With clenched fists in the air, boots to the floor, and anger swelling in their chests, the members of Rise Against return with their second album, Revolutions Per Minute. It's a two-pronged attack. From the north blows the fury of their hearts, swept up as they are in their passion for a girl who is "Like the Angel," but love that strong almost inevitably eventually engenders the opposite emotions -- and so it is with Rise. And even as they beg on "Amber Changing" to pretend that tonight will never end, the relationship sours, and even their "Last Chance Blueprint fails to change the emotional landscape, leaving nothing but hatred it its wake, reaching a paroxysm of viciousness on "To the Core," a ferocious, fever-pitched number written and delivered with pure vitriol. If that's the bitter northern wind, bringing with it blizzards of wintry emotions warmed only by the heat of anger boiling in their hearts, the gale from the south comes as no relief. This, to continue the metaphor, is the wind of political change that descended with hurricane force on 9/11 and left all of us, Rise included, reeling in its wake. Across the rest of Revolutions, the bandmembers scan the wasteland around them and see people running for cover, desperate to find a shred of security again. But as "Blood-Red, White & Blue" makes clear, safety is an illusion, and our bomb-laden reply futile. "Would God bless a murder of the innocents?...a war based on pride?...a money-hungry government? No." Desperate for a real leader, we are left with the blind leading the blind, where "every problem is solved with a fight." "Is this the point where we give up?...give in?...turn ourselves in?" they demand to know on "Halfway There." Railing against a government bent on revenge and friends blinded to reality, the band cries out for a revolution with "Black Masks & Gasoline." Like all Revolutions, this is an album filled with anguish -- spiritual, emotional, and political -- a roar against the tide of history washing over us, echoed by the wrenching pain of love lost. The music is as impassioned as the lyrics, rubbing emotions raw and minds numb.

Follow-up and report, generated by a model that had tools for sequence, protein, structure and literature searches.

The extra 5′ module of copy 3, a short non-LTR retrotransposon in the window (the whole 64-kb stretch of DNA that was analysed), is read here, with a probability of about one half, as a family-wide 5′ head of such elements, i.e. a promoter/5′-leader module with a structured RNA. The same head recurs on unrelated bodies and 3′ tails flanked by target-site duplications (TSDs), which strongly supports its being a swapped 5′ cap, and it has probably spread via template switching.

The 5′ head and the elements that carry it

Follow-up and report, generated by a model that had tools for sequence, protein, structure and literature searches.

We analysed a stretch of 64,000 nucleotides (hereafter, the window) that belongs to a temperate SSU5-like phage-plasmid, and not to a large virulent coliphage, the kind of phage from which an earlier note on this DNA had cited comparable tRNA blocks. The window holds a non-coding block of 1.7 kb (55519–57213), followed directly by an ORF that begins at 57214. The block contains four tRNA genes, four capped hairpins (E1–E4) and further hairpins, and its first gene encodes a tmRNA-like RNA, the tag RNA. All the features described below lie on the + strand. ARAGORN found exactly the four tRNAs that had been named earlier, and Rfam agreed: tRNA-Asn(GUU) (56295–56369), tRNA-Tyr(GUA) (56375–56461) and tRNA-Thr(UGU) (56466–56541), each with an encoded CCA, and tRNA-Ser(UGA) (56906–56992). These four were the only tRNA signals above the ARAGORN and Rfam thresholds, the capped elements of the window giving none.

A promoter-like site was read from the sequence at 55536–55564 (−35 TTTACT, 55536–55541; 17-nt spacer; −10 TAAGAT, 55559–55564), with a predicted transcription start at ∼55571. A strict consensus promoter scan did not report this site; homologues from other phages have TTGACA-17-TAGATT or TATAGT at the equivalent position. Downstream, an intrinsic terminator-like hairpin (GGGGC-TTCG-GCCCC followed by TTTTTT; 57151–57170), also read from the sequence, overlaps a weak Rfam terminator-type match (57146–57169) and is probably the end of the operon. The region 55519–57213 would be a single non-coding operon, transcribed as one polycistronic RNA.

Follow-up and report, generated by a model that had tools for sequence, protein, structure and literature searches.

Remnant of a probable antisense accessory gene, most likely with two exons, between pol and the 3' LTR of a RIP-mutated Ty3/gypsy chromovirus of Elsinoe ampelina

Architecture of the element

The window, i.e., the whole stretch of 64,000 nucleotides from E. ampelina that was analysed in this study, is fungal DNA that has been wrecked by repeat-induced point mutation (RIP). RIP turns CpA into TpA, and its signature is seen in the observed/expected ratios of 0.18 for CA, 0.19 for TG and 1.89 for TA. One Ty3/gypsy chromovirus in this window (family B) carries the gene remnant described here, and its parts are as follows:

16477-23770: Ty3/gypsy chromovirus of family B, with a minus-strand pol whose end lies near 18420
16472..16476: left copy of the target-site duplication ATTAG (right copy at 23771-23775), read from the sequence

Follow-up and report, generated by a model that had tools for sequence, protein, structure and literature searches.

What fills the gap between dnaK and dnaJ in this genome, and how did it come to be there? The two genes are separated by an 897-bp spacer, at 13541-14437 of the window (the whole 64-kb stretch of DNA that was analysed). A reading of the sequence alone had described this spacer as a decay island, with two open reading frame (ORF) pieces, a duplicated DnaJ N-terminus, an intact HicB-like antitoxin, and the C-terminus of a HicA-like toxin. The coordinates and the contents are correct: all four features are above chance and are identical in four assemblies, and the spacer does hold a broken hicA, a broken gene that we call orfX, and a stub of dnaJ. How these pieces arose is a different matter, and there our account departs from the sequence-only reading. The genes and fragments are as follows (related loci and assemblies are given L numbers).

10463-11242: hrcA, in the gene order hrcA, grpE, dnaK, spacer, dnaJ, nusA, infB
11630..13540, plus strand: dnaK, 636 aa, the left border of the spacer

AllMusic Review by Jo-Ann Greene